This was mounted, sanded, paper than can take water media. So ... I was covering the surface with water colors, to have a jumping off point for the pastels.

My little setup with my handmade Heilman box, below. It has a little metal easel that sticks into holes drilled into the box, to make it easier for working in plein air (outdoors) ... or in class.

Below, you can see I've started getting the trees, the background Roman structures and sky in, with pastels.

I like doing a pink underpainting in the sky with the watercolor and letting it show through when I go over it with pastel, especially for a painting that's during "magic hour." You can see I've started defining some of the stone of the reflecting pool, as well as some of the other greenery.

Going more into the stonework, and getting the mossy feel, as well as a bit of a reflection ...

And finally, into the statuary ... I kept the  ones in the distance softer and more loose.

And here it is! I am going to lighten the lower left corner slightly so it doesn't match so much with the right ... but there you have it!

House of the Vestals
Pastel on sanded board

For my photographic post of that magic hour I spent at the House of the Vestals and Roman Forum click here.
For the Palatine Hill, click here.
For the pastel demo of The Baths of Caracalla, click here.

When you arise in the morning,
 think of what a precious privilege it is to be alive-
to breathe,
to think,
to enjoy,
to love.
~Marcus Aurelius 

Sunday, June 7, 2015

Afternoon at the Villa ~ Getty Villa Malibu

Time is the wisest counselor of all.

Inner Peristyle of the Getty Villa

Back on March 30th, I drove to Malibu to meet my sister Penny and her friend Chris, at the Getty Villa. It was a beautiful day to have a little lunch and take a trip back in time! 

Fragment of a Female Head
Greek, made in Taras, South Italy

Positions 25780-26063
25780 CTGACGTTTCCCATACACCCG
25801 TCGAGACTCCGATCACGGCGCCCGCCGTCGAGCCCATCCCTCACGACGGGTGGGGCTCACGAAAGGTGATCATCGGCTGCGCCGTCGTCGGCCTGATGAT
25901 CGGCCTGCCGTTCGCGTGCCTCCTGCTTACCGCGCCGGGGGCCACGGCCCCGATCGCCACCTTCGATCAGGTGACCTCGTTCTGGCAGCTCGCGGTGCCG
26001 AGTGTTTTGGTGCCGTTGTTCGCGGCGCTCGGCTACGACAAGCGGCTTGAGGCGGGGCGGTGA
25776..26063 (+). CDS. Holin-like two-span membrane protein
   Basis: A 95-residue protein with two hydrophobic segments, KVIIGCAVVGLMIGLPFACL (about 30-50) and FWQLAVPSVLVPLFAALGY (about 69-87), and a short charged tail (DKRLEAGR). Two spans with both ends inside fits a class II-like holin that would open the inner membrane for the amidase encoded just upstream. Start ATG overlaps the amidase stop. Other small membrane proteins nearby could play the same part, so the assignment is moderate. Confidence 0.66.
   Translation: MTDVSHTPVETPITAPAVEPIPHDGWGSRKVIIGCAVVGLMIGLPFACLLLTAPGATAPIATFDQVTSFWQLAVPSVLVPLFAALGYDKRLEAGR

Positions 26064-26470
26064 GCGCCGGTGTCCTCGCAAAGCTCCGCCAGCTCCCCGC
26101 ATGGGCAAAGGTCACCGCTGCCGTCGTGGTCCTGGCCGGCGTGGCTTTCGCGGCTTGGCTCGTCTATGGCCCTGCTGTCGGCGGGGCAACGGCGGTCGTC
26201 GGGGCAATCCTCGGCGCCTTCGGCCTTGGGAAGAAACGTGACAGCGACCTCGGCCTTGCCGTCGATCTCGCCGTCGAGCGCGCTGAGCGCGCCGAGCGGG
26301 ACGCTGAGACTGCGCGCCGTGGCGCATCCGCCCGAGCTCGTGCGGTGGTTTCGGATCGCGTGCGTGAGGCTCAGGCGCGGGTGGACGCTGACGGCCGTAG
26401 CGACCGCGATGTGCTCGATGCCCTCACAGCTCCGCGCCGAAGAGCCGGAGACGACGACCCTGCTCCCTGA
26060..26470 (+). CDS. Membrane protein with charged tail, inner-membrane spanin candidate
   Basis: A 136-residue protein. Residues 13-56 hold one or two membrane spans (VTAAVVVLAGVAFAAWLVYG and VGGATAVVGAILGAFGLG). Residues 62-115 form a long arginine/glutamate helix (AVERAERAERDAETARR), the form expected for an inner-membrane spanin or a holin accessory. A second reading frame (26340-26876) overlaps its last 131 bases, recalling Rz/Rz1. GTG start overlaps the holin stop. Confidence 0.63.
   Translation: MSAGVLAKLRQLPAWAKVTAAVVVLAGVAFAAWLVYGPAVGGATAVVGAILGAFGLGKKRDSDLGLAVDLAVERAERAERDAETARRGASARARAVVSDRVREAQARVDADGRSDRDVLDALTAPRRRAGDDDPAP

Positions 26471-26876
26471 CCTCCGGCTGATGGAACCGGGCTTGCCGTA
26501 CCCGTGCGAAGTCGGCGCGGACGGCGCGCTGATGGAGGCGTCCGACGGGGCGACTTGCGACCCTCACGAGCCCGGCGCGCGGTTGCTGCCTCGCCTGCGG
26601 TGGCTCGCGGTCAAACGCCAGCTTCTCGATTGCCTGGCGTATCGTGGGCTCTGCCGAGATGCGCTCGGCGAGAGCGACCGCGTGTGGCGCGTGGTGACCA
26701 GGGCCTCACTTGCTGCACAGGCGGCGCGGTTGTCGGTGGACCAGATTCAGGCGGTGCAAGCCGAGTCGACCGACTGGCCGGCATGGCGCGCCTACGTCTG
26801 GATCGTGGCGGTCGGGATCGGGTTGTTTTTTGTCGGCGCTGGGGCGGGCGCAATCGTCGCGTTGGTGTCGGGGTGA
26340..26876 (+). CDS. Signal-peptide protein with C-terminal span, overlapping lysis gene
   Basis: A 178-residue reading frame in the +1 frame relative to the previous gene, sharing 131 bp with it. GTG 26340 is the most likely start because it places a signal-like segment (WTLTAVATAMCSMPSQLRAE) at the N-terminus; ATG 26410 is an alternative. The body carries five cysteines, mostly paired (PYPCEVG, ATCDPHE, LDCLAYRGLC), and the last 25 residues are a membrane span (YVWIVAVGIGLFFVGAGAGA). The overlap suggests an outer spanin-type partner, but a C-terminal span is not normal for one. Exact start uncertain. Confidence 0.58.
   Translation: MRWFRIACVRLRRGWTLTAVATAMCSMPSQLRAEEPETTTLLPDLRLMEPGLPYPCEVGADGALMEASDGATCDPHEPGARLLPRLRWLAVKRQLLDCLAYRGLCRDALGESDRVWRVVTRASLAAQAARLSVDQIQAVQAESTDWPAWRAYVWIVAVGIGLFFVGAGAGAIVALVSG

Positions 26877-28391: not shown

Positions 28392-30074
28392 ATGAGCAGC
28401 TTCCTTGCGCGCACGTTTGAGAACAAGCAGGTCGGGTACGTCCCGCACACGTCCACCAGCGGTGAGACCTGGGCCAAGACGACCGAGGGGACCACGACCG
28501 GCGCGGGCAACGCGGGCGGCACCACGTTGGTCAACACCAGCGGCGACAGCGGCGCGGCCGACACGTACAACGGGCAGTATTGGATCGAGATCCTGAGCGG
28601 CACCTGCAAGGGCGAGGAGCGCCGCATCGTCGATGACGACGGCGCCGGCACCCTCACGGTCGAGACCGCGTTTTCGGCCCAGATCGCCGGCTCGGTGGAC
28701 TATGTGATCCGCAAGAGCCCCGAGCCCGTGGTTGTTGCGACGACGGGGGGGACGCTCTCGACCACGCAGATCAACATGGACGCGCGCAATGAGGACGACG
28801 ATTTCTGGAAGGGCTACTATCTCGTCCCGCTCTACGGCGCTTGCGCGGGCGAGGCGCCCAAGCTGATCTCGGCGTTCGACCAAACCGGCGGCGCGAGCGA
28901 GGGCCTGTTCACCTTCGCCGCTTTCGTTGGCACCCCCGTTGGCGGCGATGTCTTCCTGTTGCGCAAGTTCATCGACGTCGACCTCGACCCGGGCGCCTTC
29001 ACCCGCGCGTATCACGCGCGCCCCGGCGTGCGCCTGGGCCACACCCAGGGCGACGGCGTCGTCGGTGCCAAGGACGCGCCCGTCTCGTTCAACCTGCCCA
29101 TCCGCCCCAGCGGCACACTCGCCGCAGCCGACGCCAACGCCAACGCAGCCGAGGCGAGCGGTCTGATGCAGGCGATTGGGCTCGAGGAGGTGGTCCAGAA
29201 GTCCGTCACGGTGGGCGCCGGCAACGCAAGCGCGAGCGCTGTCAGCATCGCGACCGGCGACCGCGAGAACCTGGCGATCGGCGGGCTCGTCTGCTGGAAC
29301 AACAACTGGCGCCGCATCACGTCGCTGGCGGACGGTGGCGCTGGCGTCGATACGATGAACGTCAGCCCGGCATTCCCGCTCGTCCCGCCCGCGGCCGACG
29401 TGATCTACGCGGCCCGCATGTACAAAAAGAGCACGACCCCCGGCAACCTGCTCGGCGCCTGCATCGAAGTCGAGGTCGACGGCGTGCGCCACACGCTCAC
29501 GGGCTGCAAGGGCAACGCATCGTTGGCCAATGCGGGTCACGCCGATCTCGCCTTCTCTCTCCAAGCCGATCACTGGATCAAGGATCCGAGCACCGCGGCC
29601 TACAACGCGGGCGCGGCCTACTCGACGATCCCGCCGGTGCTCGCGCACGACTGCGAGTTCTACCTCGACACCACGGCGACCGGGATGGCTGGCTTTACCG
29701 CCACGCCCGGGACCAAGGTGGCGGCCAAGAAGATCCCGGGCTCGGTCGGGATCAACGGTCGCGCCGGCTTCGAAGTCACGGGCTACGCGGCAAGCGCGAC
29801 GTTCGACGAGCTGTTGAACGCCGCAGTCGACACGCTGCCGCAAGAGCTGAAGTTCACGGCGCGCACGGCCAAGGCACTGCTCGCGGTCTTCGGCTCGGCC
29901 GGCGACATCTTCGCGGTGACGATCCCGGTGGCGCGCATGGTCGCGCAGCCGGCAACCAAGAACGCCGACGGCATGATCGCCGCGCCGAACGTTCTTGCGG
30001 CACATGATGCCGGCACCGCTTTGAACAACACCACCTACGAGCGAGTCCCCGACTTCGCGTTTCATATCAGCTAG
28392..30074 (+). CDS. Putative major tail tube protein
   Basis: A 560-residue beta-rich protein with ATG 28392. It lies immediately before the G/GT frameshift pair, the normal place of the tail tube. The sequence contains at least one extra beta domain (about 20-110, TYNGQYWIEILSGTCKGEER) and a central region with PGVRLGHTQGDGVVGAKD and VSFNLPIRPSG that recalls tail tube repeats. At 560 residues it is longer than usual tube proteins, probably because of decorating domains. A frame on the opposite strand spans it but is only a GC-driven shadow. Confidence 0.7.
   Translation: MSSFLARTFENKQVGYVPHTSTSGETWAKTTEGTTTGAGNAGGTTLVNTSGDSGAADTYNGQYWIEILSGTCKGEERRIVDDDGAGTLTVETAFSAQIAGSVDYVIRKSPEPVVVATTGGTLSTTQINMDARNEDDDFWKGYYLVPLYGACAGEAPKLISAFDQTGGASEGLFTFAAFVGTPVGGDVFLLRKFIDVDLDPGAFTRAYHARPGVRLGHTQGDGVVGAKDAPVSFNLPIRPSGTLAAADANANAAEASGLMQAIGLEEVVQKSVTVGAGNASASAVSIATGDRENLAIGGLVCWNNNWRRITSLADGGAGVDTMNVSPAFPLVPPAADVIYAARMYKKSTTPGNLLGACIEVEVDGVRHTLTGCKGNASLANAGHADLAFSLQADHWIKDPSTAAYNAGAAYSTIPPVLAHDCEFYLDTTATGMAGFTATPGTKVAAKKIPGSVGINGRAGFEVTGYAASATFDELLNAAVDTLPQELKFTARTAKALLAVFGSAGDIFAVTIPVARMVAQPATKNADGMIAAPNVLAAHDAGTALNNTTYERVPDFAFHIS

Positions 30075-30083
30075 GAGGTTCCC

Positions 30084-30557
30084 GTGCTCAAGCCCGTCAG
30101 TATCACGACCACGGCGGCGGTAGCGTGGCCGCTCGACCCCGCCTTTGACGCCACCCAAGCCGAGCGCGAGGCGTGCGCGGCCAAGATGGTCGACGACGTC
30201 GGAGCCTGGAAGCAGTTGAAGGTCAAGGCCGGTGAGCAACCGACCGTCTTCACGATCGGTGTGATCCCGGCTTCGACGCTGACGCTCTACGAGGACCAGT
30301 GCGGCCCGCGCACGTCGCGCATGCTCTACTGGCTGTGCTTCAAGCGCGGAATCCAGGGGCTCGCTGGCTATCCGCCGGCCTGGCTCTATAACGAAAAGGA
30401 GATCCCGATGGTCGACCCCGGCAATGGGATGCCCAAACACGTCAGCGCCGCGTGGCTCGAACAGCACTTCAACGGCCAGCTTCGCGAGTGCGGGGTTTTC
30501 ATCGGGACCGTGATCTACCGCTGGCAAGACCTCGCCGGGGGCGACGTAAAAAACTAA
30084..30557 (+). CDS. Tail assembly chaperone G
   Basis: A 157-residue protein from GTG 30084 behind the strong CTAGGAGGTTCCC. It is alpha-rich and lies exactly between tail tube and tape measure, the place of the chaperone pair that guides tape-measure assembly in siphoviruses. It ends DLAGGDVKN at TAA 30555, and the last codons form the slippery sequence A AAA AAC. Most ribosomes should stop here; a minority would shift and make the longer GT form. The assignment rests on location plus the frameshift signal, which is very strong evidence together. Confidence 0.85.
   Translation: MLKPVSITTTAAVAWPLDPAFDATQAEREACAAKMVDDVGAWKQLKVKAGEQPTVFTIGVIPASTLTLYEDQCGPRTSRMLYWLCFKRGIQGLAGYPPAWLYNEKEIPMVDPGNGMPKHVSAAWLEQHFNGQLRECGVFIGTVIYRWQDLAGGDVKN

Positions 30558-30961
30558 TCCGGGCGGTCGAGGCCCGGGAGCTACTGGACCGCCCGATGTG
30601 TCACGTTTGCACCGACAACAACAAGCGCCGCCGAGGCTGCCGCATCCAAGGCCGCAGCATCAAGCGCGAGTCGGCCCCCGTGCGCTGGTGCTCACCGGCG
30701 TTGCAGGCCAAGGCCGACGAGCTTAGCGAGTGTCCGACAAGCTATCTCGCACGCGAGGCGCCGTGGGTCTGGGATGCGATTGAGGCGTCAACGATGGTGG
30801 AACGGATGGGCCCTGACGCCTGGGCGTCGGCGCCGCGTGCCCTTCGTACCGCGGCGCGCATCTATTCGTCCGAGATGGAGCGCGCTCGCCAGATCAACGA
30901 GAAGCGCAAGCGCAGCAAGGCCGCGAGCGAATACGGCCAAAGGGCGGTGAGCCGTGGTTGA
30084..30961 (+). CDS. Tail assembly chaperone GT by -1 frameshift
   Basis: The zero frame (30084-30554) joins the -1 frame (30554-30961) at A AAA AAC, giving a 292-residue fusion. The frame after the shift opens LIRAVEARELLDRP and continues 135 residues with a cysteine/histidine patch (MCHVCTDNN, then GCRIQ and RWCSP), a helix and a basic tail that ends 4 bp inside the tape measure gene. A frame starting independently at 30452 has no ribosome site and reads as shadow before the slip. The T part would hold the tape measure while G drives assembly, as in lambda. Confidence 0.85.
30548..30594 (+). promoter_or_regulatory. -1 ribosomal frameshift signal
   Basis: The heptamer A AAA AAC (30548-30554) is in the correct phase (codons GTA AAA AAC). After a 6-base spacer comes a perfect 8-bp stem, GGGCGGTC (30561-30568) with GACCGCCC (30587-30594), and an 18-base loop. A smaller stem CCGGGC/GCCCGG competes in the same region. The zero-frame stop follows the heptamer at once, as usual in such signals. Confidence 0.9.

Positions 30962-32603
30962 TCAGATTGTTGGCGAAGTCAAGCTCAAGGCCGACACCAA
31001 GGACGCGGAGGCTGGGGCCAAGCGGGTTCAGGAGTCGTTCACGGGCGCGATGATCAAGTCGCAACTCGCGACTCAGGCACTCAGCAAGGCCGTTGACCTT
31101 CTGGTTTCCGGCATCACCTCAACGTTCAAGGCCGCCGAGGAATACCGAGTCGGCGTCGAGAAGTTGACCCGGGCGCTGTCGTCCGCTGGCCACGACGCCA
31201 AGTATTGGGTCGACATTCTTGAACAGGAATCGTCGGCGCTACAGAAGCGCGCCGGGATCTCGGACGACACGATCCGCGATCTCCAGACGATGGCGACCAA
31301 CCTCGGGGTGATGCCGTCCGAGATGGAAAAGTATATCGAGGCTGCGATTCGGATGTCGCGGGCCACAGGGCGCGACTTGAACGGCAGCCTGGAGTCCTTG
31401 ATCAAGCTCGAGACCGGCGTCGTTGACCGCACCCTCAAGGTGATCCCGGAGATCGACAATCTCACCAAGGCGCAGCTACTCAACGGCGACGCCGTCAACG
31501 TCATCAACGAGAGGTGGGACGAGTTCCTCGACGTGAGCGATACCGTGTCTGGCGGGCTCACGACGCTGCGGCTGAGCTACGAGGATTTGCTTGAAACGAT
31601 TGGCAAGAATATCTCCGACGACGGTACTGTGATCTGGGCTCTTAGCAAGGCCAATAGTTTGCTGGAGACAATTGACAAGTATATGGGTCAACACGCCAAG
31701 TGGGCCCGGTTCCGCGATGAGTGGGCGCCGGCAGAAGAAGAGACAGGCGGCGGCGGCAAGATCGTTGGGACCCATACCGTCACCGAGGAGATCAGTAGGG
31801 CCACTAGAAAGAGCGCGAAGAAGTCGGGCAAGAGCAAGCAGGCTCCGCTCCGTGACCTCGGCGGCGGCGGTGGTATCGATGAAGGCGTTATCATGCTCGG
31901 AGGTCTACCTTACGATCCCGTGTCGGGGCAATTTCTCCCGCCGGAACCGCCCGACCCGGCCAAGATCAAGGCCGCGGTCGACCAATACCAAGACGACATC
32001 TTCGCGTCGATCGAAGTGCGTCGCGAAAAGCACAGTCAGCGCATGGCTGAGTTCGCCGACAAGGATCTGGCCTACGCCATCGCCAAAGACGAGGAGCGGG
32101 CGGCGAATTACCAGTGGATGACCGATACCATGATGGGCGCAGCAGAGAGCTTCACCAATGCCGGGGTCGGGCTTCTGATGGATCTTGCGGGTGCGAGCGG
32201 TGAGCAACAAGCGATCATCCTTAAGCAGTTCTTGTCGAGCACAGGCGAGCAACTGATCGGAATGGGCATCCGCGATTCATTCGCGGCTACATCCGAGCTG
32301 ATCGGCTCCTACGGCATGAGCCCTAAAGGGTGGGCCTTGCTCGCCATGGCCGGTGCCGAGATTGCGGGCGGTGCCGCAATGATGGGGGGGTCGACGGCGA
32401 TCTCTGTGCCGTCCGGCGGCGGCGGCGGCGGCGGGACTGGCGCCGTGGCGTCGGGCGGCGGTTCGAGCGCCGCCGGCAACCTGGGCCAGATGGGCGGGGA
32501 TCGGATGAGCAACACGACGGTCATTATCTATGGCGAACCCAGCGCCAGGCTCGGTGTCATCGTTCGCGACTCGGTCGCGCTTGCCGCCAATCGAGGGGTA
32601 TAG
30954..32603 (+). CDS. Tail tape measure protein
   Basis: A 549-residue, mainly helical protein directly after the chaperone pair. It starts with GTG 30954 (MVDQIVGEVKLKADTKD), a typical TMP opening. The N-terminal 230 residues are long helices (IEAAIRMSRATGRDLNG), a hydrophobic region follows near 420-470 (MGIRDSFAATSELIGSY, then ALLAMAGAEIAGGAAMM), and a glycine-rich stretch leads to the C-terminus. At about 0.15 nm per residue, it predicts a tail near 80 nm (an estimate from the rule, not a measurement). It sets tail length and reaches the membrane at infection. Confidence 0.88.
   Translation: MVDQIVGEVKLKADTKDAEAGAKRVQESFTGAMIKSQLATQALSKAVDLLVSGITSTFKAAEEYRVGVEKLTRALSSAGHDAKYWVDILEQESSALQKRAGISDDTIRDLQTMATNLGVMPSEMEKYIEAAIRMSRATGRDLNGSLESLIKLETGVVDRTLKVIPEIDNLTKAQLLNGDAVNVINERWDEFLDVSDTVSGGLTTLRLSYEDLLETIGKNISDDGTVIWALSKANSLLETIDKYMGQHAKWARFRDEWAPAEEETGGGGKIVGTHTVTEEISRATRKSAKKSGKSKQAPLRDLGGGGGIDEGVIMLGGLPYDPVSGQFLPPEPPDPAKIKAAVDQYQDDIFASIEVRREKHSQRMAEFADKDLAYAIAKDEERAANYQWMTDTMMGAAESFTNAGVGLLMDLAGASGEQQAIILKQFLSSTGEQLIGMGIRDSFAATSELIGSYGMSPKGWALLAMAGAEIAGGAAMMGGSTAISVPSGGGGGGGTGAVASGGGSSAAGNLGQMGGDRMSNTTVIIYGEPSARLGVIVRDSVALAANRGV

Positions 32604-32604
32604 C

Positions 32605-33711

440-430 B.C.

History of the Getty Villa, which is the same short film (12:22) that you can watch when you enter the Villa!

Greek, 300-100 B.C.

"Gold wreaths were often modeled after the floral wreaths given as prizes in athletic contests. Here the leaves and berries imitate those of the laurel, a tree sacred to Apollo, got of prophecy and music. The wreath's fragility suggests that it was not intended to be worn in life but would have served as a funerary offering or a dedication to a deity." (Although, I would totally rock this wreath during the holidays!)

The Secret of change
is to focus all of your energy,
not on fighting the old,
but on building the new.

In the area below, at the end of summer, they put on productions of Greek plays! I've been wanting to go for years. I need to get it together this year!

Mask of a Satyr
Greek, made in the eastern Meditteranean,
300-100 B.C.
Terracotta and pigment

And so hail to you, Dionysos, god of abundant grapes!
Grant that we may come again rejoicing to this season 
and from that season onward for many a year.
~Homeric Hymn to Dionysos, about 680 B.C.

Sarcophagus Panel with Medusa and Theater Masks
Roman, A.D. 140-70

Wall or Ceiling Fragments with a Maenad, 
and Bacchus and Ariadne (above) 
Roman, A.D. 1-75
Plaster and pigment

Lovely Venus/Aphrodite!

Altar with Aphrodite and Adonis
Greek, made in Taras, South Italy
400-375 B.C. 
Terracotta and pigment

Statuette of Venus
Greek or Roman, 100-1 B.C.